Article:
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Full Throttle

New year, new shows at Perry Nicole, the Buckman, and David Lusk.



From Elizabeth Alley's saturate, crisp-edged depictions of the 1950s in Perry Nicole's 10th Anniversary Exhibition to Mary Stubbs' black-and-white infrared photography at the Buckman to Daisy Craddock's brooding Southern landscapes at David Lusk, Memphis galleries are bringing in the new year with shows that run the gamut of sensibility and style.

Rod Moorhead, one of Perry Nicole's newest artists, counterpoints Elizabeth Alley's paintings of starched white blouses and Danish modern divans with Furies #6, a pit-fired clay sculpture of a young woman who appears to take shape or to decompose in front of our eyes. Pieces of cloth (or perhaps Eden's proverbial serpents) wrap around the loins and barely pubescent breasts of a creature who looks like a hybrid of a fallen angel and teenage Eve. We can see the sculptor's thumbprints in the figure's ruffled, sooty brown wings and the armless, half-formed body that still looks malleable. The half-closed eyes and relaxed mouth (in limbo? a little dazed?) complete Moorhead's haunting evocation of what it feels like to be human, to be able to glimpse the divine while still trapped in a mortal coil.

Perry Nicole's anniversary exhibition also provides viewers with an opportunity to see, side by side, works by a wide range of accomplished landscape artists, including Martha Kelly's signature vision of summer, Top of the Island, in which a canopy of trees casts cool, dark shadows across a grassy field that looks lime-green in full sunlight.

Instead of the expressive female forms for which she is best known, Mary Reed contributes textured, sinuous landscapes to the show. In Boundaries, for example, the bare branches of a misshapen tree reach out toward a winding river and layers of handmade paper, fabric, and paint suggest the heft and roughhewn surface of large boulders as well as the rise and fall of waters rushing toward us.

Arline Jernigan fearlessly works and reworks the surface of her mixed-media, nearly monochromatic painting Flight. We soar through overcast skies past crumbling limestone rock faces, where plant life just begins to take hold in the crevices, where ideas just begin to take shape on an almost blank tabula rasa that is one of the subtlest and most assured works in the show.

Through February 26th 

TU, a touring company noted for its inventive syntheses of dance forms (including ballet, contemporary, and African), performs Friday, January 29th, at the Buckman Performing & Fine Arts Center. TU's choreography has been described as "beautiful, intelligent and singularly wrought." The same can be said of the watercolors, ceramics, and black-and-white photography mounted just outside the Buckman auditorium in the Levy Gallery's January exhibition, "Seen, Shaped, Considered: Works Inspired by the Natural World."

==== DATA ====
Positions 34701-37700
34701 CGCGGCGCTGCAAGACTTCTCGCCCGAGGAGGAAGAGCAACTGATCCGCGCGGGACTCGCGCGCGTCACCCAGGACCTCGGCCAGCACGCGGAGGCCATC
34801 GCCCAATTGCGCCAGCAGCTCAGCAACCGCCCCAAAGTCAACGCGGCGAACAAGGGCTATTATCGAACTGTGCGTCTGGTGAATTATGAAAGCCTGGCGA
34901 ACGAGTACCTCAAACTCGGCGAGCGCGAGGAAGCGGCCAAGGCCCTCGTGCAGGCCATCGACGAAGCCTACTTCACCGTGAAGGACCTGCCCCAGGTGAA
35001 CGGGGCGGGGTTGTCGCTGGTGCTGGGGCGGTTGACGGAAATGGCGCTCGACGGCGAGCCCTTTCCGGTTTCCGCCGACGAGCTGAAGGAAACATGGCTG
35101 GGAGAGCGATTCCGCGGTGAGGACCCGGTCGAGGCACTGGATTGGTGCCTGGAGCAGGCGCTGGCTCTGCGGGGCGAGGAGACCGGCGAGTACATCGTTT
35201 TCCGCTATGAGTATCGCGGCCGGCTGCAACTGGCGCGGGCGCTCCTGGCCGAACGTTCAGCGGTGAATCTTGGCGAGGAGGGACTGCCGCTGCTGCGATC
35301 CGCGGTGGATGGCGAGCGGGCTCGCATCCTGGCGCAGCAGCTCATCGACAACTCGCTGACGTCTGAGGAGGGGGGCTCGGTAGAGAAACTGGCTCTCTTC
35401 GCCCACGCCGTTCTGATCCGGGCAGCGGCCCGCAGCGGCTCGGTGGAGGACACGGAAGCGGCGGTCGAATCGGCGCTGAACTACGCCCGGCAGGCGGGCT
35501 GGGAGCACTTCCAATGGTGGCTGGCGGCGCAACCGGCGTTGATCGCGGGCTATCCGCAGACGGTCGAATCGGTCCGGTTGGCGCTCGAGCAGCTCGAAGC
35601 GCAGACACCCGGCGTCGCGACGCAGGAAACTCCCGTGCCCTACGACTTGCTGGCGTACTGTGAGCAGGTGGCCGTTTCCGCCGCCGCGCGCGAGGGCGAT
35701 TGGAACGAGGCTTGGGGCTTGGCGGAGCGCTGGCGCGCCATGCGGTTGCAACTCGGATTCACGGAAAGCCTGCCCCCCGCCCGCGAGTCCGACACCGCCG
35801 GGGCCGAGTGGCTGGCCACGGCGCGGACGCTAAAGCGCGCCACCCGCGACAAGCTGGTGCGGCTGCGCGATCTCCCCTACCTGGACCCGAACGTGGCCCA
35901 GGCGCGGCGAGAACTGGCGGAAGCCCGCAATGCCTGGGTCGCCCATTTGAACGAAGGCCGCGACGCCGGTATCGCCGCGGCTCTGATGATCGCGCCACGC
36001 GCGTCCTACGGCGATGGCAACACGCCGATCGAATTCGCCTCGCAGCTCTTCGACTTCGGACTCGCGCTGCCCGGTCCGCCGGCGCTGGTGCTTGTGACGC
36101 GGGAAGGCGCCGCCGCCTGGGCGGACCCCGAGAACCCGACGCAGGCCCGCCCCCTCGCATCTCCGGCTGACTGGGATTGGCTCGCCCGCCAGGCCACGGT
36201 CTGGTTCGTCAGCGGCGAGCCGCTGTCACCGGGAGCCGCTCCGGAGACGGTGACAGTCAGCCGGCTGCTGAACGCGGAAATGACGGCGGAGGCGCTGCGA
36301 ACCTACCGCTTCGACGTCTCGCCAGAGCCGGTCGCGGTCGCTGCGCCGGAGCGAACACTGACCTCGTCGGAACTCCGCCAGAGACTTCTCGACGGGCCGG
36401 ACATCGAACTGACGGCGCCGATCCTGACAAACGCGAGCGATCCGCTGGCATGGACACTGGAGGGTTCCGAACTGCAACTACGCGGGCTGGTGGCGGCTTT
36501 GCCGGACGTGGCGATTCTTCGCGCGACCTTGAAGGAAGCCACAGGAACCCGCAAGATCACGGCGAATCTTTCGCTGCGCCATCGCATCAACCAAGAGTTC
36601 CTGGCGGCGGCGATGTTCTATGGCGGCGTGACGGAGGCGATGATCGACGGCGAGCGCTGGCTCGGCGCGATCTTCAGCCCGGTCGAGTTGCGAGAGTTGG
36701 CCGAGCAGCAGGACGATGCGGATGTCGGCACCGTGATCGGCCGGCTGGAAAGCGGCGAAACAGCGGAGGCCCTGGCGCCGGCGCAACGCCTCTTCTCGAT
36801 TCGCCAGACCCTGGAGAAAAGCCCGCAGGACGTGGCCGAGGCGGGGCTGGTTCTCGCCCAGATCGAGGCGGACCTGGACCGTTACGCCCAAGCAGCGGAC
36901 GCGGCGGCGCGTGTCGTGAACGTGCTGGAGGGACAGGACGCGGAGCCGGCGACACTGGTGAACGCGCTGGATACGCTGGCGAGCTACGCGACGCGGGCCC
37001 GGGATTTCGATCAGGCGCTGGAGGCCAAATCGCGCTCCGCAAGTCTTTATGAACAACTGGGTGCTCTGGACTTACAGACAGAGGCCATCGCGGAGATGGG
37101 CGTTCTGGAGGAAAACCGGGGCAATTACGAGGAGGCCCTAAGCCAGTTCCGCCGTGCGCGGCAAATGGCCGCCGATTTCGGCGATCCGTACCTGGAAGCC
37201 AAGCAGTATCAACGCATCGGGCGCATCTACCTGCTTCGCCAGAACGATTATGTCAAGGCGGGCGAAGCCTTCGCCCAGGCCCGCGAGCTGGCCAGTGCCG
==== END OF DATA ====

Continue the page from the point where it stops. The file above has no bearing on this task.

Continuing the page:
In one of the most mature works of her career, Mary Stubbs — a photographer noted for images of crosses and church steeples — evokes transcendence with infrared light and a trinity of trees. The trees at bottom left and bottom right of Beyond the Moment are barren. Across the top of the work, branches of a third tree are covered with buds backdropped by luminous jet contrails and a preternaturally dark sky.

Anne Froning Wike creates a sense of wonder with ceramics. A prime example is Lotus Gazing Bowl — Amethyst, a clay vessel shaped out of ever-widening circles of translucent mauve petals flecked with dark green. At the center of this inventive, exquisitely beautiful mandala is a tiny pale-pink rose.

Clouds roll across the top edge of Tom Pellet's satisfyingly complex, delicately observed watercolor All That Glitters. Near the bottom, a geometric abstraction of greens and corals repeats the colors in the leaves and petals of a large camellia that fills the rest of the work.

Through February 12th

Massive oaks, magnolias, and crepe myrtles weighed down with dusty mauve blossoms nearly fill the canvases in "Points South," Daisy Craddock's show at David Lusk. There are no breezes, no rippled waters, no rustling of olive-green foliage in Craddock's oil-on-linen Magnolia, Midday. Instead, the placid gray surface of a lake reflects an overcast sky. In hands less skilled than Craddock's, colors muted and images blurred by thick atmosphere could feel suffocating.

For viewers who both rue and revere the Deep South's all-encompassing humidity (including Craddock, who grew up in Memphis in the '50s when open porches and ceiling fans were the norm, not central air-conditioning), Craddock's honest and elegiac paintings register as brooding rather than oppressive, contemplative instead of languishing.

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